Here are the data to date (GrubHub has been acquired by Just Eat in 2020):

Market Cap. $B Sales – $B Loss – $M PS Employees
Just Eat 15,4 2,8 -151 5,4 9 000
Delivery Hero 39,4 2,0 -939 19,5 35 528
DoorDash 46,0 2,9 -458 15,9 3 886
Deliveroo 6,3 1,6 -225 3,9 2 060
Zomato 6,8 0,3 -310 20,1 3 469

What is interesting is the difference in dynamics between companies launched before 2010. Something not really new if you follow this blog, in terms of growth dynammics. Here are some more data about shareholders

Start-up JustEat GrubHub Zomato Delivery Hero Deliveroo DoorDash Median *
Found. 5,7% 6,2% 4,5% 7,1% 12,0% 9%
Emp. 9,4% 25,1% 7,0% 17,2% 18,9% 18,5% 21%
Emp. shares 9,3% 12,1% 3,1% 11,7% 9,4% 4,8% 8%
ESOP-granted 0,1% 9,7% 0,6% 5,5% 9,5% 11,8% 8%
ESOP-reserved 3,3% 3,3% 1,9% 5%
Dir. 0,2% 0,06% 0%
CEO 1,0% 3%
VP 0,2% 1,1% 0,2% 0,2% 0,8% 1%
CFO 0,2% 0,3% 0,2% 1%
Investors 66,0% 59,3% 70,2% 59,9% 74,0% 68,7% 51%
IPO 24,6% 9,7% 16,6% 18,4% 0,6% 16%
Total 100% 100% 100% 100% 100% 100% 100%
Nb of Dir. 2 2 2
Dir % 0,1% 0,03% 0,2%
Nb of found. 2 4 3 2 3 2
Found. % 2,9% 1,6% 1,5% 3,6% 4,0% 4,5%
Found. age 27 31 31 33 23 37,6
F1 28 27 31 33 29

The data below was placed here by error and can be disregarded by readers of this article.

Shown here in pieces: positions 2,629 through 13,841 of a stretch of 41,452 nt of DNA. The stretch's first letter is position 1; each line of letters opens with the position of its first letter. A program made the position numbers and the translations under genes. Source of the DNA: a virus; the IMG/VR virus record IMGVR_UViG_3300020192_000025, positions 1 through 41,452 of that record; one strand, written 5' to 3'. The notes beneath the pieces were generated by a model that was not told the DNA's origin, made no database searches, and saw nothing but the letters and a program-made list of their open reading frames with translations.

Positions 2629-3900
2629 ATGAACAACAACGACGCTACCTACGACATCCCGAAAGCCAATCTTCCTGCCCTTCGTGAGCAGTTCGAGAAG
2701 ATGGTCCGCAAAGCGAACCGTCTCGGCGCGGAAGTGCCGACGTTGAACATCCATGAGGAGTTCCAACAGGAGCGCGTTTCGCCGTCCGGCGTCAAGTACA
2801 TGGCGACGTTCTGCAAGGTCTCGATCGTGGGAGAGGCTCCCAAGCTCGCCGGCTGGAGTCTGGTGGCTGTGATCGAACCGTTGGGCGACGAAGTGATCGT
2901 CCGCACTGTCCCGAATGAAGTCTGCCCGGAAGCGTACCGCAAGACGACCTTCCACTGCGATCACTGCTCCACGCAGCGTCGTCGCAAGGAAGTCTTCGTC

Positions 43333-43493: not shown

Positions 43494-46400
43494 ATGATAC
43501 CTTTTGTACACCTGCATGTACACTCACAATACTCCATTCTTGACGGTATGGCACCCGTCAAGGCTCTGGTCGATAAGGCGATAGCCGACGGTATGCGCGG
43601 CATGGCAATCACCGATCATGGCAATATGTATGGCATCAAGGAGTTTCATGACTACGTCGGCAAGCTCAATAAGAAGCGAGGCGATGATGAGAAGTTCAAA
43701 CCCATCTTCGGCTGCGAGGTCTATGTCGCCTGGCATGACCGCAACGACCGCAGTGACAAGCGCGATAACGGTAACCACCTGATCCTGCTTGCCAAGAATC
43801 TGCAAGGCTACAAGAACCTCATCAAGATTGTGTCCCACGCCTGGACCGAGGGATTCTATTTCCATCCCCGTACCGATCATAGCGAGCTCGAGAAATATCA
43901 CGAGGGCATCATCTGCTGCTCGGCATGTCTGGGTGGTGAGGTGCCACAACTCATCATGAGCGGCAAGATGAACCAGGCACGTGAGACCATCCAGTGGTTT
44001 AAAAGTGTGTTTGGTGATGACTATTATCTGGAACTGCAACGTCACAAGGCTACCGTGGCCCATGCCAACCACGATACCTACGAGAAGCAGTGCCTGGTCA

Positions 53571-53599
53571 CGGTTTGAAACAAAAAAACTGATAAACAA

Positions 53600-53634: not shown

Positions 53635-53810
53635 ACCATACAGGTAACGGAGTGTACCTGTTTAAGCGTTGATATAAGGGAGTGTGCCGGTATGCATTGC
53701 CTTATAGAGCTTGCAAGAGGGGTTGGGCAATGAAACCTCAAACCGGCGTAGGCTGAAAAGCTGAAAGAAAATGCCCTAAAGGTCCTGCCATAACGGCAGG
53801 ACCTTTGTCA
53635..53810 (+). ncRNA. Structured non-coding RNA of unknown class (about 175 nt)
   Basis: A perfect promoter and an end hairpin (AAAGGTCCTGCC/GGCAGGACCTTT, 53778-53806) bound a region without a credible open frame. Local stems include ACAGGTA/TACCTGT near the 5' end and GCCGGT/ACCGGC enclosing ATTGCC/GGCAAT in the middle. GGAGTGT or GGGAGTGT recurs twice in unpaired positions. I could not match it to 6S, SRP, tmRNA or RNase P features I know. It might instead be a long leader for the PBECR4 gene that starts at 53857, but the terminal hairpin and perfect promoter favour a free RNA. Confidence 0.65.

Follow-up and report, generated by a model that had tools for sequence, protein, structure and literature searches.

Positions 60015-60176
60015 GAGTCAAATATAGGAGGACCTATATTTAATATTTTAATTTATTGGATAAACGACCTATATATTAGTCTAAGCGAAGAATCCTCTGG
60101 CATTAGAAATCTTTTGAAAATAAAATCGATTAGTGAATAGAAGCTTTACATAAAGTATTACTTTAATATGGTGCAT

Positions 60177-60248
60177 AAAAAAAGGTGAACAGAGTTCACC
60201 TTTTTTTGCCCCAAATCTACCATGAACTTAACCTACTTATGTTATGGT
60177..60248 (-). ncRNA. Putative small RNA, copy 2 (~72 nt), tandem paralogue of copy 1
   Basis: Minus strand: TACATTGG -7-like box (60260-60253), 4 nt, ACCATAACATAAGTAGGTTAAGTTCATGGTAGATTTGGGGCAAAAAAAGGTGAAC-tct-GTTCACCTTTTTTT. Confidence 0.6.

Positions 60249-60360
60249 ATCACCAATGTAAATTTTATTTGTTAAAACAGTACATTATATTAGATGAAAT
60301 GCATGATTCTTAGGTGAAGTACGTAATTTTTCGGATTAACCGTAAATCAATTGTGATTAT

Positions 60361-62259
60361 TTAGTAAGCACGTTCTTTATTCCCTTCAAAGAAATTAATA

F2 26 29 33 21
F3 31 20
F4 38

The founders are young, own little. How teh sector will develop, I do not know. There is already concentration. Barriers to entry look low. Some experts have doubt about long term profitability… tough to say. Deliveroo shows no IPO shares as the initial filing did not include any new shares. It may have changed at the recent IPO which was not a success; and here are the individual cap. tables.

Coursera files to go public (#750)

After Deliveroo yesterday, here is Coursera’s cap. table. It’s #750 in my long list of startups (see here my most recent analysis – data about 700+ startups).

Coursera and Udacity are probably the most famous MOOCS companies and I could not be surprised if they contributed to create the edtech category. Coursera just filed to go public on Nasdaq so its numbers are available.

Revenues of $293M, with a loss of $66 million in 2020. A lot of venture capital since its foundation in 2011, $464M in total from Kleiner Perkins (and legendary partner John Doerr, and NEA.

Founded by two Stanford professors, specialists of artificial intelligence, Daphne Koller and Andrew Ng, age 43 and 34 at the time of foundation. They are not managing the company anymore. No information about Koller’s shareholding probably because she owns less than 5% of the company and has no executive role.

Coursera founders Andrew Ng and Daphne Koller are computer science professors at Stanford University


Source : NPR